Which seems appropriate as the messenger – the Productivity Commission report on book prices –  is the message.

Henry Rosenbloom, publisher and founder of the independent press Scribe, has written a stinging takedown of the report’s conclusions in his blog.

Here are some extracts:

Sociopaths in Suits: the Productivity Commission goes for broke

This is how a civilisation commits suicide these days: it invites sociopaths in suits to dismantle its culture.

With its recommendation that territorial copyright for books be abandoned, the Productivity Commission’s final report is the apotheosis of neo-liberalism in Australia. Everything is to be sacrificed to the workings of the free market — especially writers, independent booksellers, independent publishers, and the nation’s cultural integrity.

In its study of comparative book prices, the commission has not included the cost of overseas freight. This crucial fact is hidden in the commission’s language: it says that it ‘has not sought to adjust retail prices to reflect differences in freight costs’. These are highly misleading weasel words, so close to a lie as to be indistinguishable from one. The commission hasn’t excluded ‘differences’ in freight costs — it has excluded them completely. And yet the cost of shipping books from the UK or US to Australia is significant, and would be a vital factor in the setting of book prices if the commission’s recommendations were accepted. At average freight-costs and at current exchange rates, overseas books would be more expensive than locally produced ones — not less.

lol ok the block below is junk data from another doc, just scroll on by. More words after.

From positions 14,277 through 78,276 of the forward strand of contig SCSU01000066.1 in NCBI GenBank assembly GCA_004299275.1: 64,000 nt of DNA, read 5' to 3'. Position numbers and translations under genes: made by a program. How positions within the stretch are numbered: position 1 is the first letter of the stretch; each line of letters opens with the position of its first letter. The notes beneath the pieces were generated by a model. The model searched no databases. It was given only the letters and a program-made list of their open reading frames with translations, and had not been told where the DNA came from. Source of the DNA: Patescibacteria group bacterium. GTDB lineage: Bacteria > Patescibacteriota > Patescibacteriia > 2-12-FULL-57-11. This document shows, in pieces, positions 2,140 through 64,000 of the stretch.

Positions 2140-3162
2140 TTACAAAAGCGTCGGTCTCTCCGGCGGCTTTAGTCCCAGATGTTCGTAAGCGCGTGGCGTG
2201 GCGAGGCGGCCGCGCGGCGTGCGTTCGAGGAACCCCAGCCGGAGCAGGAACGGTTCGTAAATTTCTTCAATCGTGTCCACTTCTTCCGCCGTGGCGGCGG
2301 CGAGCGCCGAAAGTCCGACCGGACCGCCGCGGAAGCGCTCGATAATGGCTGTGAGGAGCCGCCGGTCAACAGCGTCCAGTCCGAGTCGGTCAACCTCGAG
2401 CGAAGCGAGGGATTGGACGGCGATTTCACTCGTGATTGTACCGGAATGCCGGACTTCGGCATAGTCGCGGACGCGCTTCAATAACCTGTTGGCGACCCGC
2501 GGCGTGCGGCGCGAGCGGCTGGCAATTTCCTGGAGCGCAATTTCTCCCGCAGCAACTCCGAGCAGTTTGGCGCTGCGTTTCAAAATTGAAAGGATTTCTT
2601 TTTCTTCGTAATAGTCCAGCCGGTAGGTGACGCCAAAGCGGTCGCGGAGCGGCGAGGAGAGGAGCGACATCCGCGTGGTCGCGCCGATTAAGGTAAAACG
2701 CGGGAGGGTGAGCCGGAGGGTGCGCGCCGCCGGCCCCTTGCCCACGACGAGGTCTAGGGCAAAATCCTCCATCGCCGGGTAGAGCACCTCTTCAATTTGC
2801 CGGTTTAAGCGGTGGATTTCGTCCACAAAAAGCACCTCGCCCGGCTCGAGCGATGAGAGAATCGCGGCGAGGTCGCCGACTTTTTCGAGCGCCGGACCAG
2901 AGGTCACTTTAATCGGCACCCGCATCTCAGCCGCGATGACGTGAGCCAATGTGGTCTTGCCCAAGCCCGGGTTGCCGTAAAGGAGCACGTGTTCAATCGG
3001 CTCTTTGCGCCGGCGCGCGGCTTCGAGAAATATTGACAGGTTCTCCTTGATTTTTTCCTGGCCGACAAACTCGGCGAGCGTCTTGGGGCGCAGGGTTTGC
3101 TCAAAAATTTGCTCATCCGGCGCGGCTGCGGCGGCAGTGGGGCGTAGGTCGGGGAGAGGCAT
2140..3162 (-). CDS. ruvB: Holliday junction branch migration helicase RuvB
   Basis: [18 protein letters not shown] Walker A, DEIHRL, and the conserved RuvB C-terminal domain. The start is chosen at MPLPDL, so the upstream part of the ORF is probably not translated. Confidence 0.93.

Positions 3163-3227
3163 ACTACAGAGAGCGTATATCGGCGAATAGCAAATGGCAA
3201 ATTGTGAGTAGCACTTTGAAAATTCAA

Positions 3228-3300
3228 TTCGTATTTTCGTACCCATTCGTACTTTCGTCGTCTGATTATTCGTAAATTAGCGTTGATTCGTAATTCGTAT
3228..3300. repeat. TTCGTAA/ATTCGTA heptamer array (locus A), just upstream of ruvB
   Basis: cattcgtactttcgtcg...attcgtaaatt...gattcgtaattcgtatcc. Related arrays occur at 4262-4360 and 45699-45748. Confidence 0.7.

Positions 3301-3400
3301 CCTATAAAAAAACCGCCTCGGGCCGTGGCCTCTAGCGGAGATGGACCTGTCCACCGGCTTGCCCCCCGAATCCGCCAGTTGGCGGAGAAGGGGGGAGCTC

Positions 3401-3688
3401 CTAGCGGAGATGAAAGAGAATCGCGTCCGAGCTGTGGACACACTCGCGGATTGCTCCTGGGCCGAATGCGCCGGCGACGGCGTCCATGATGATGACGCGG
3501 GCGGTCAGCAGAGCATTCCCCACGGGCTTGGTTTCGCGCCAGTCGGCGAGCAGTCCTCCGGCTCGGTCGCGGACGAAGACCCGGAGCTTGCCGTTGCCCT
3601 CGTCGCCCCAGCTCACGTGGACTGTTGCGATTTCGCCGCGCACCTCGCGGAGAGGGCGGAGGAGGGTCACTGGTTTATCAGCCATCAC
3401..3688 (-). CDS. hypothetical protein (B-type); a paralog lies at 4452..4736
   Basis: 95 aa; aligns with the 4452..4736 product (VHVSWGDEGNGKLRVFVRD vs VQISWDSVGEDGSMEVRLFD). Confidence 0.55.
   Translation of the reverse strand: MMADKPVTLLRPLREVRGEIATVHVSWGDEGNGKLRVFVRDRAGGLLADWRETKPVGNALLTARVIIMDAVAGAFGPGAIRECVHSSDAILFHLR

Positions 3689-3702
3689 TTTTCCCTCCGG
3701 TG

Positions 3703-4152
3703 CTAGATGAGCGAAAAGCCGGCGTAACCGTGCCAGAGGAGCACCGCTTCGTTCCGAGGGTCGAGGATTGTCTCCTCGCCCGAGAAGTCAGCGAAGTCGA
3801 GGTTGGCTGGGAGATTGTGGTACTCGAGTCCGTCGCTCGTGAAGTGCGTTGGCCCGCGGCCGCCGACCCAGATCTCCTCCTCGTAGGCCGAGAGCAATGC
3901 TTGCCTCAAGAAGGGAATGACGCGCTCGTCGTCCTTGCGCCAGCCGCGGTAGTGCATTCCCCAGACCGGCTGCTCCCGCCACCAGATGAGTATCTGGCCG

This is why the commission has been forced to concede that its price comparisons, ‘do not of themselves attempt to indicate the price at which the books sold in other countries could have been sold in Australia’.

Read it here.

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